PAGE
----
Plasmid virulence genes are weakly expressed at 30°C and pH 8.0, but fully activated at 37–38°C and pH 6.5 (Byrne et al. 2007). The main effect is exerted by temperature and these conditions are thought to mimic the cues sensed by R. equi during its transition from the environment to the mammalian host. Treatment with hydrogen peroxide, which reproduces the oxidative stress within activated macrophages, also results in significant increase of vap gene transcription as measured with vapA and vapG (Benoit et al. 2002). The two regulators encoded in the vir operon of the PAI, VirR and VirS (Figure 33.3b), are necessary for vap PAI virulence gene expression, but whether and how they contribute to the modulation exerted by temperature (and pH) and oxidative stress remains to be determined. Low free iron, a well‐known “host signature” cue in the control of bacterial virulence, appears to also activate the expression of vapA and the other vap genes of the pVAPA plasmid (Ren and Prescott 2003).

Animal Species‐Specific Virulence Plasmids and Host Tropism

Analysis of the virulence plasmids carried by isolates from different origins made it obvious that R. equi infectivity and specific adaptation to equids, swine and ruminants (cattle, sheep, and goats) is linked to the virulence plasmid type (pVAPA, pVAPB, and pVAPN, respectively; Ocampo‐Sosa et al. 2007; Valero‐Rello et al. 2015). The first R. equi virulence plasmid to be genomically characterized was the VapA‐encoding pVAPA, found in virulent isolates of equine origin and occasionally in human isolates (Takai et al. 2000b). Next was the VapB‐encoding pVAPB, found in isolates recovered from slaughtered pigs and human clinical specimens but never from equine isolates (Letek et al. 2008). Strains carrying pVAPB are of intermediate virulence in mice and weakly pathogenic in experimentally infected foals (Takai et al. 2000a). The more recently identified third R. equi virulence plasmid, pVAPN (Valero‐Rello et al. 2015), is found in ruminant and some human isolates but not in equine or porcine isolates (Ocampo‐Sosa et al. 2007; MacArthur et al. 2017; Suzuki et al. 2021).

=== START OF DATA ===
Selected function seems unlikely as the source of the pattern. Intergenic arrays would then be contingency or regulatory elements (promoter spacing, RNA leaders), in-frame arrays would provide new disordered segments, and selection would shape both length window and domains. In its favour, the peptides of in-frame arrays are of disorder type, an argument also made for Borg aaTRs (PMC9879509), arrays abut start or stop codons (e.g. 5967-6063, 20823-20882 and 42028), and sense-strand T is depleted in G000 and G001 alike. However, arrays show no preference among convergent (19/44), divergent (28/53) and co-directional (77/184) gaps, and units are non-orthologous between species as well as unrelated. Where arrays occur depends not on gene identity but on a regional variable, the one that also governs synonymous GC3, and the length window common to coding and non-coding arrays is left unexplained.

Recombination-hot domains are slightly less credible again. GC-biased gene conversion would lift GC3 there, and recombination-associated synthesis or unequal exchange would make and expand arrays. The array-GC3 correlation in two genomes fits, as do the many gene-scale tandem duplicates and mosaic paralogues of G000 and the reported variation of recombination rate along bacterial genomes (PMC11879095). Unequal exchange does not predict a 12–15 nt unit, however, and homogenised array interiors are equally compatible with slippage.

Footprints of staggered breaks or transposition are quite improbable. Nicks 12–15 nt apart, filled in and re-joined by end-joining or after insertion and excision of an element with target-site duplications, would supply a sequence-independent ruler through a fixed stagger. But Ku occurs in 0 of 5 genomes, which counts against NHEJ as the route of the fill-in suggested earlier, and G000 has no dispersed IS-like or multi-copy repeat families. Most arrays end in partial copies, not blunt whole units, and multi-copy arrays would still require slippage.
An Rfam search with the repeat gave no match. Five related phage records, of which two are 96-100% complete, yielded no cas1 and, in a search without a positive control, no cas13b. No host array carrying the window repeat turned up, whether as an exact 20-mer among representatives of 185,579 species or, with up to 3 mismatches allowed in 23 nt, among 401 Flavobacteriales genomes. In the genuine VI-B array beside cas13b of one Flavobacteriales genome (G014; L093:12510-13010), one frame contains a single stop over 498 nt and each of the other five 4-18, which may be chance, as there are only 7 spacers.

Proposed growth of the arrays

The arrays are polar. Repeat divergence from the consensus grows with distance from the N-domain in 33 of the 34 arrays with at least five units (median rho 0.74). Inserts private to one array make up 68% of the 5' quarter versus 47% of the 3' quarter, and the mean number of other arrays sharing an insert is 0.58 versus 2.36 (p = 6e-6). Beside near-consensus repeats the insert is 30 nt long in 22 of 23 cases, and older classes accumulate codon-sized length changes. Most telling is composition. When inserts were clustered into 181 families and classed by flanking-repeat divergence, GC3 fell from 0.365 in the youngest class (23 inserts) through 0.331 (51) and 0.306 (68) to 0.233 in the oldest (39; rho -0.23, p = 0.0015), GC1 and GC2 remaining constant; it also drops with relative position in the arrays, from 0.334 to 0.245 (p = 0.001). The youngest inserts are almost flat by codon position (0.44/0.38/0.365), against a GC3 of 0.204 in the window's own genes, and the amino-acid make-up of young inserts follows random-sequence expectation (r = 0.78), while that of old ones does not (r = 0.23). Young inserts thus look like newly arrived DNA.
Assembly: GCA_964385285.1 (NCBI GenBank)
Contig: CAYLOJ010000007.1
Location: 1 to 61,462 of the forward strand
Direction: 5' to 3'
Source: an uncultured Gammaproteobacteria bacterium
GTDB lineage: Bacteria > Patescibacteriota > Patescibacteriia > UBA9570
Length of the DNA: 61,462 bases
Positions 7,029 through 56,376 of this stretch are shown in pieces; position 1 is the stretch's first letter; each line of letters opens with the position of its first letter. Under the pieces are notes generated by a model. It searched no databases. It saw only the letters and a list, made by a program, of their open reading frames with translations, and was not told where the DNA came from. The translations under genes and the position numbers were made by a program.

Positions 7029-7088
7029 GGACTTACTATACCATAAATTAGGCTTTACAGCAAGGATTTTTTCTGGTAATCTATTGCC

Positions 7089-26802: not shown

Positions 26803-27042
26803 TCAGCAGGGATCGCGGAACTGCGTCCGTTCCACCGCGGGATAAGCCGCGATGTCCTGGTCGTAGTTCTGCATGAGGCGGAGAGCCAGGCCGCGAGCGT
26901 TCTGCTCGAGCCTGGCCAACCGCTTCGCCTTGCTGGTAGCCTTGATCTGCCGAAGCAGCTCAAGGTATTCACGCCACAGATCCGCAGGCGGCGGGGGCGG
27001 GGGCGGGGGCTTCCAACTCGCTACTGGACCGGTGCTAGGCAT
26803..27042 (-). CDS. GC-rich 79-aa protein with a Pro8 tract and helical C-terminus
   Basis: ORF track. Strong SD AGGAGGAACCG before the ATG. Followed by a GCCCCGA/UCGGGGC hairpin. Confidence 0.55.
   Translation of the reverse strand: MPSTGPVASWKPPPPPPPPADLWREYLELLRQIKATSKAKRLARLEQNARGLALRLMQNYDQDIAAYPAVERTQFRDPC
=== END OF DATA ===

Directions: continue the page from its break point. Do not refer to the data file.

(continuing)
The equine pVAPA and porcine pVAPB plasmids are variants of the same circular replicon that differ only in vap PAI structure, specifically in vap gene complement (Letek et al. 2008). The ruminant‐associated pVAPN is an unrelated linear plasmid that carries a copy of the vap PAI (Figure 33.3a). This indicates that the R. equi vap PAI was at some point part of a mobile element, consistent with the presence of transposon invertase/resolvase or transposase/integrase genes or pseudogenes at the right flanking region of the three PAIs (Valero‐Rello et al. 2015). The vapN PAI has the same general arrangement of the vapA and vapB PAIs but again differs in a unique vap gene complement (Figure 33.3b). Exquisite conservation of the vap PAI, with 100% PAI product sequence identity (notably, of the cross‐type‐variable vap multigene family products), is observed within each host‐specific plasmid type, indicative of strong selection. Mismatches between the pVAPA/B/N plasmid type and animal host source are exceptional among equine, porcine and ruminant isolates, suggesting the existence of stringent host‐driven exclusion of the heterologous (non‐adapted) virulence plasmids (Ocampo‐Sosa et al. 2007; MacArthur et al. 2017).